To use another musical analogy, it’s like listening to smooth jazz for six years and then complaining that not one of those songs had vocals by Dave Mustaine—well, you were listening to the wrong kind of music.

[Image: “The New Establishment” by Peter Kelly, courtesy of Blueprint].

Pointing out that BLDGBLOG doesn’t offer traditionally recognizable formal criticism of the built environment misses the fact that the modus operandi of this blog is all but precisely not to do that. Indeed, this blog is and always has been very consciously about architecture and landscape in a representationally broad sense: exploring how spatial environments appear in film, literature, mythology, games, dreams, and comics, and to write about the otherwise radically under-reported side-effects of buildings and cities, from freak local weather systems and invasive species to psychiatric disorders and rodents. In fact, I would say that BLDGBLOG has never claimed to be a place “where architects can go to find informed, intelligent criticism of their work.” I don’t want to do that; that is not my goal as an architecture writer. But that doesn’t mean—nor does it in any way imply—that I don’t want to see other writers successfully demonstrate how that sort of criticism is done.

Again, to address writers and critics such as Kelly: you all have had so long to prove your point about the value of serious architectural research. You claim absolute, if not unique, critical priority for a style of architecture writing that you yourselves fail to produce in any convincing manner, and you’ve failed to find any real audience for the very thing you are hoping to promote. Even now, you have blogs, zines, pamphlets, international magazines, Ph.D. funding, radio shows, whole university departments, conferences, and teaching opportunities at your disposal. You can make documentaries for the BBC. Your words and ideas should speak for themselves.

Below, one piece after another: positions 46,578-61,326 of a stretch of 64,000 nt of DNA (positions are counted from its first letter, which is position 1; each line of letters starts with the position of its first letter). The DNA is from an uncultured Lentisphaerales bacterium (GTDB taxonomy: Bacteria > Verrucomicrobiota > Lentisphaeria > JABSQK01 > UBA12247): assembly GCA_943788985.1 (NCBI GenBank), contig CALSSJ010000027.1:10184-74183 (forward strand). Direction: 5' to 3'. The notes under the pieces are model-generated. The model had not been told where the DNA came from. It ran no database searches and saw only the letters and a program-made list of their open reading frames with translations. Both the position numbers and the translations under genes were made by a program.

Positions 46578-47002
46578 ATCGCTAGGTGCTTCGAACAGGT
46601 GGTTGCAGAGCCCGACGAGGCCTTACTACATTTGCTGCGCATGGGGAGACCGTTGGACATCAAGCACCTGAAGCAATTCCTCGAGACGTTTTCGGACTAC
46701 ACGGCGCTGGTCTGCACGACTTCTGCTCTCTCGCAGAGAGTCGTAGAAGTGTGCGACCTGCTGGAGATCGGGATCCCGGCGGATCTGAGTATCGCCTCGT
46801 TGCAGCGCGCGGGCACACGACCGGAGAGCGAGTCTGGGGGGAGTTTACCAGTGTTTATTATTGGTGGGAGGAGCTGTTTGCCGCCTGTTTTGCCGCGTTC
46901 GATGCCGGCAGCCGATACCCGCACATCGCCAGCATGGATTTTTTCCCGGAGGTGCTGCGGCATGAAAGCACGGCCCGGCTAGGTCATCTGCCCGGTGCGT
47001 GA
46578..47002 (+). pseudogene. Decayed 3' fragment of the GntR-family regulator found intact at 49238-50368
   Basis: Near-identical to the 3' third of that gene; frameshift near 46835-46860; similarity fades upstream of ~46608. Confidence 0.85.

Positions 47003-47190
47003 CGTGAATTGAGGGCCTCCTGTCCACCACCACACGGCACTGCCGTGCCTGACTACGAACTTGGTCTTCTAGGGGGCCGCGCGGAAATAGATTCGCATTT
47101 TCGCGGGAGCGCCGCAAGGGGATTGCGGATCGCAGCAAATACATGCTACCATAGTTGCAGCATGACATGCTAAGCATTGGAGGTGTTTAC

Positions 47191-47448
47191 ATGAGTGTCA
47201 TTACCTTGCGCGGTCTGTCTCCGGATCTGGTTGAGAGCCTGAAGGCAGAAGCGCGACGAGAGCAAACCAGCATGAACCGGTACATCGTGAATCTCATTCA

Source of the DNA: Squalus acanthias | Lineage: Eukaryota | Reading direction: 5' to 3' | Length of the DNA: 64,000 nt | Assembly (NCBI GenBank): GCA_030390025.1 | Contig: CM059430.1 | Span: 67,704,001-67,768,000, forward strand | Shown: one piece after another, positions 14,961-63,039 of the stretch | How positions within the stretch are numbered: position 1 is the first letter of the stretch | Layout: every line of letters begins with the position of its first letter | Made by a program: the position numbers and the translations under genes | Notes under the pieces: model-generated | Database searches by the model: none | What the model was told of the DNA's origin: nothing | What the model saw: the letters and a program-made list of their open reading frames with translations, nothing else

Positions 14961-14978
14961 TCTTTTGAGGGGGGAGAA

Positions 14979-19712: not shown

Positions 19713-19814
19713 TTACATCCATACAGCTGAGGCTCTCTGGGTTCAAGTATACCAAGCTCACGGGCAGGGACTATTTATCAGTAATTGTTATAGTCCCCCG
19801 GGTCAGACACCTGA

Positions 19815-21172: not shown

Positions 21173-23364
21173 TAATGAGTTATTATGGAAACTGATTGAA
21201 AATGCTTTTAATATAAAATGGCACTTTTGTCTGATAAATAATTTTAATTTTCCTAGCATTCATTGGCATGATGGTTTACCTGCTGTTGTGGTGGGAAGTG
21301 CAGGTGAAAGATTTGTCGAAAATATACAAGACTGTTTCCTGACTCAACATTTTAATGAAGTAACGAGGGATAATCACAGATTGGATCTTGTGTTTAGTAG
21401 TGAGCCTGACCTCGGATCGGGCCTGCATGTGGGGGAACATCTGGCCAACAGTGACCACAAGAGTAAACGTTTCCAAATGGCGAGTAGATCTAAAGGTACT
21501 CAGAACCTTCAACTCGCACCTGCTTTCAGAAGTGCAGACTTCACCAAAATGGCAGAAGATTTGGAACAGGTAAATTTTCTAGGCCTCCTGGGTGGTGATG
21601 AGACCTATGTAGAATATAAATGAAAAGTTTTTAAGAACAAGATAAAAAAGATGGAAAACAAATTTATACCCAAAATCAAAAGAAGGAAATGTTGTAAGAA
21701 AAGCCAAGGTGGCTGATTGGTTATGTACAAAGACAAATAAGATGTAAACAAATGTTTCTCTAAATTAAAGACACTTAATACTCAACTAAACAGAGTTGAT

With that in mind, how exactly is your failure to find an audience—indeed, even to find more writers like yourselves willing to write this stuff, surely a damning absence if there ever was one—the fault of a loose group of bloggers who prefer “speculative musing” and “increasingly niche interests”? What exactly are you saying here—that we are Katy Perry to your Shostakovich? Is that a universally negative thing?

To use a wildly overblown historical metaphor, it’s a bit like seeing a lost group of battle-shocked British troops suffering from amnesia as they wander down the streets of Philadelphia in the summer of 1778, asking, in all seriousness, why there isn’t more British influence on display. But one of the reasons we came here in the first place was to get away from people like you.

[Image: “The New Establishment” by Peter Kelly, courtesy of Blueprint].

In any case, having said all that, I want to reiterate that I actually agree with the underlying premise of Peter Kelly’s article: that we need more direct and engaged criticism of the built environment. This is true, and Kelly is right. We need more Christopher Hawthornes and fewer Nicolai Ouroussoffs. We need more Matthew Coolidges and fewer Philip Jodidios. We need the next J.G. Ballard.

But until architecture critics can find a way to make formal building criticism interesting, entertaining, emotional, funny, adventurous, sexy, or thrilling, it—and its popular appeal—will languish. If people like Kelly can’t bring it upon themselves to reinvigorate their chosen discipline, then it’s not the fault of Sam Jacob or Alex Trevi if they fail. We’re back to the saxophone/guitar thing: what you need to do, Peter Kelly, is learn to play your saxophone so well that everyone else stops liking guitar; you can’t just complain about successful guitar players. Or, in market-speak: put us guitar players out of business by offering the world better music. If you can do something amazing, then I want to hear it, too.

Consider this an open appeal, then, to all architecture critics unnecessarily scared of blogs: produce the texts you want us to read & study. Find writers working in the genre you’re actually talking about and constructively team up with them to promote good and rigorous criticism. Use multiple media. Cast your net wide. Don’t assume that to entertain is to lose critical insight. Remember that sometimes the most “significant new buildings” in public life today are not museums and concert halls, but film sets and game environments.

Indeed, Alex McDowell is a more influential architect than David Chipperfield, which means covering McDowell’s work is not just fringe speculation. Grand Theft Auto generates more conversations about crime and the city than the writings of Adolf Loos, which means discussing GTA is not just self-indulgent musing.

After all, there is absolutely no reason in the world why we can’t have blogs that “celebrate increasingly niche interests” alongside blogs that offer “rigorous criticism of significant new buildings”—in fact, there is no reason in the world why a single blog couldn’t simultaneously perform both functions. It would be a dream to read.